Share to Social Media:
The mechanic’s lien law in Texas is intended to protect unpaid individuals or companies that have contributed to an improvement of real property. In Texas, the law allows such unpaid parties to act directly against the owner of the improved property. Mechanic’s liens are governed by specific statutory provisions that address who may file such a lien and the deadline for filing, among other things. In order for a claim to be viable, an unpaid party must strictly comply with the provisions of the law. This blog post will present a brief synopsis of one basis for a mechanic’s lien—statutorily required retainage—and the deadlines to initiate such a claim.
In Texas, owners of real property are required by law to retain either 10% of the contract price or 10% of the value of the work done to improve their property during the progress of the work and for 30 days after the work is completed. The retained money secures the payment of workers who perform labor or service and the payment of others who furnish material or labor for any contractor, subcontractor, agent, or receiver in the performance of the work. In order to obtain a lien on the retained funds, a claimant must send the notices required by the Texas Property Code within the time required and in the manner prescribed, and file an affidavit claiming a lien before the 30th day after the work is completed.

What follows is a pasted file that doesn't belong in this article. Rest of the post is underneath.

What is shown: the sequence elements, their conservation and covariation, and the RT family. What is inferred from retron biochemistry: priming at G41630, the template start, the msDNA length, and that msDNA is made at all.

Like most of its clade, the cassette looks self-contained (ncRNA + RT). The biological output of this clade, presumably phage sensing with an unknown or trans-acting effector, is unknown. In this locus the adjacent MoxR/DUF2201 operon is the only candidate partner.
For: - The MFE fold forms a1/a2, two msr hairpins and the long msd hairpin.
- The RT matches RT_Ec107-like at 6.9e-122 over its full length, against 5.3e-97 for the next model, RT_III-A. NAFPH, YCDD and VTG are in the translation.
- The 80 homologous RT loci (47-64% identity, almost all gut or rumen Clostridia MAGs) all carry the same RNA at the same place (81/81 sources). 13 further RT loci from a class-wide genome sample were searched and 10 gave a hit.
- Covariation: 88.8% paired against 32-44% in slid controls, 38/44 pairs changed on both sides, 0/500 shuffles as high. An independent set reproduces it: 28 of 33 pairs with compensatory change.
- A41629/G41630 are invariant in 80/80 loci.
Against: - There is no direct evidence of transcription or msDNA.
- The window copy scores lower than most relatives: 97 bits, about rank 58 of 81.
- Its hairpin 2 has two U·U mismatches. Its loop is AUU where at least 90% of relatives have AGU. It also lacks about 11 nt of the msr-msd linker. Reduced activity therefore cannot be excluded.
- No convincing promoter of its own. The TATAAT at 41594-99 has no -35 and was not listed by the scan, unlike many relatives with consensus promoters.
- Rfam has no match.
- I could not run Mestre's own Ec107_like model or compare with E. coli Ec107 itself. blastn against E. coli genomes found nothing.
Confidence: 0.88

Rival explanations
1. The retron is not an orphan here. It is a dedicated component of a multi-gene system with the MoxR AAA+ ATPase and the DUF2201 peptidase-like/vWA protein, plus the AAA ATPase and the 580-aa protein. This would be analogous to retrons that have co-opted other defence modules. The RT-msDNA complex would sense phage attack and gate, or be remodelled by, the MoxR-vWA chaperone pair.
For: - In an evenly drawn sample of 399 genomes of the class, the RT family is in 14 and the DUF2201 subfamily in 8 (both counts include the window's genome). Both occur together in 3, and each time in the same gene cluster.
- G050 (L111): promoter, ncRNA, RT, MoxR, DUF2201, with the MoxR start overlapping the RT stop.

The first implication to take heed of is that there is a very short deadline for filing a mechanic’s lien against the statutorily required retainage funds. Consequently, an unpaid subcontractor or other unpaid person or entity must act very quickly to preserve the right to place a lien that will help recover unpaid amounts. Savvy property owners or general contractors are typically well aware of this limited time horizon; subcontractors need to be equally aware.
For certain subcontractors, the time pressure is magnified. Contractors that perform work near the end of the project, such as painters, often find that they are quickly at risk of losing their claim against the statutory retainage money held by the owner if they do not rush to file their lien claim by the 30th day after the general contractor has completed the project. And because the majority of the money in dispute between a general contractor and a sub is typically covered by the retainage, a failure to timely perfect the lien may be substantially detrimental.
A related challenge complicating the timeline to perfect such a lien is the issue of when “completion” actually occurs. There are many potential methods for determining what constitutes completion of a project, but no fixed rule. Frequently, work slowly tapers on a project as punch list items are approved by the owner. Punch list work will extend the point of completion for purposes of perfecting a mechanic’s lien. However, the safest and most cautious approach is to assume completion on the day the Certificate of Occupancy was granted and extend the 30 day deadline from that date.
Contractors, subcontractors, material suppliers, equipment renters, workers, architects, engineers, surveyors and others who contribute services or materials to a construction project are typically entitled to enforce mechanic’s lien claims for the value of their work. But do not delay, you must act promptly to preserve your right to collect.